Once you’re at the highest levels of MMA, making weight is a given for most UFC fighters. Unfortunately, that same expectation won’t apply for Matt Brown this weekend.
In an unusual misstep for the welterweight veteran, Brown weighed in on Friday at 172.5 pounds, a full 1.5 pounds over the contracted limit for his fight against Robbie Lawler. What makes it doubly unusual is that this is the first time Brown has missed weight in his career, with UFC on Fox 12 marking his 31st professional bout.
Usually, fighters are allowed extra time to reweigh, but the California State Athletic Commission mistakenly denied Brown the ability to do so. Hence, Brown won’t be punished or fined, and will still be able to collect “Performance of the Night” bonuses on Saturday.
That’s the official word according to Dana White (via Fox Sports reporter Marc Raimondi), who blamed the CSAC for their strange decision to not let Brown reweigh. It’s fine for Brown, who could do nothing but follow the commission’s lead, but it’s still a bad look for all parties involved.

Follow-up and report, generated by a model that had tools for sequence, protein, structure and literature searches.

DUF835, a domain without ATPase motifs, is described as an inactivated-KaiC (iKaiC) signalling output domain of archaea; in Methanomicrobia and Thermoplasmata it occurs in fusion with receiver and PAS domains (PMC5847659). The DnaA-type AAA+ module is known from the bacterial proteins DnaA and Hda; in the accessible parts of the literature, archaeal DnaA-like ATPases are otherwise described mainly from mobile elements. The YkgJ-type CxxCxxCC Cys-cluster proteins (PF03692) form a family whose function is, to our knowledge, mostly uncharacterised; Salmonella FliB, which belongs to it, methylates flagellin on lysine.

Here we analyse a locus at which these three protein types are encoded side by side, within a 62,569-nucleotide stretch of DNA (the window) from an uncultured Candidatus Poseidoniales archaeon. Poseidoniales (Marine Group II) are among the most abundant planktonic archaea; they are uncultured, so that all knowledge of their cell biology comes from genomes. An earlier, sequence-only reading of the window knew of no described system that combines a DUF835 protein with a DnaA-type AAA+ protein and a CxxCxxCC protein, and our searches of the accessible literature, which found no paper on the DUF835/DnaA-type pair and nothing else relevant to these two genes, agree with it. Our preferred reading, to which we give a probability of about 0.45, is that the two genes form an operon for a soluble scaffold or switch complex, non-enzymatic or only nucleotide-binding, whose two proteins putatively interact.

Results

For starters, fans won’t know if he could’ve made the 170 pound limit at all.
Considering that Brown is supposedly fighting for a future UFC title shot against Johny Hendricks, there’s now a little extra uncertainly about the match if Brown beats Lawler. After all, MMA fighters have to make the exact weight class limit for a title fight. That means if Brown was fighting for a championship today, he’d be 2.5 pounds overweight, making the main event a non-title bout. It’s actually pretty troublesome, and a problem that could be solved on the spot if the CSAC had let Brown re-weigh.
It’s also a pretty damning spot for newly-signed UFC strawweight Juliana Lima, who weighed in at 117 pounds — one full pound overweight — for her fight against fellow debutante Joanna Jędrzejczyk.
While Brown will apparently avoid a fine at the discretion of the UFC and CSAC, Lima will pay 20 percent of her purse, as she weighed in again (stripped of her remaining clothing) at 116.5 pounds. That’s an incredibly weird application of standard regulation, to say the least, but the confusion with Brown’s situation doesn’t help anything at all.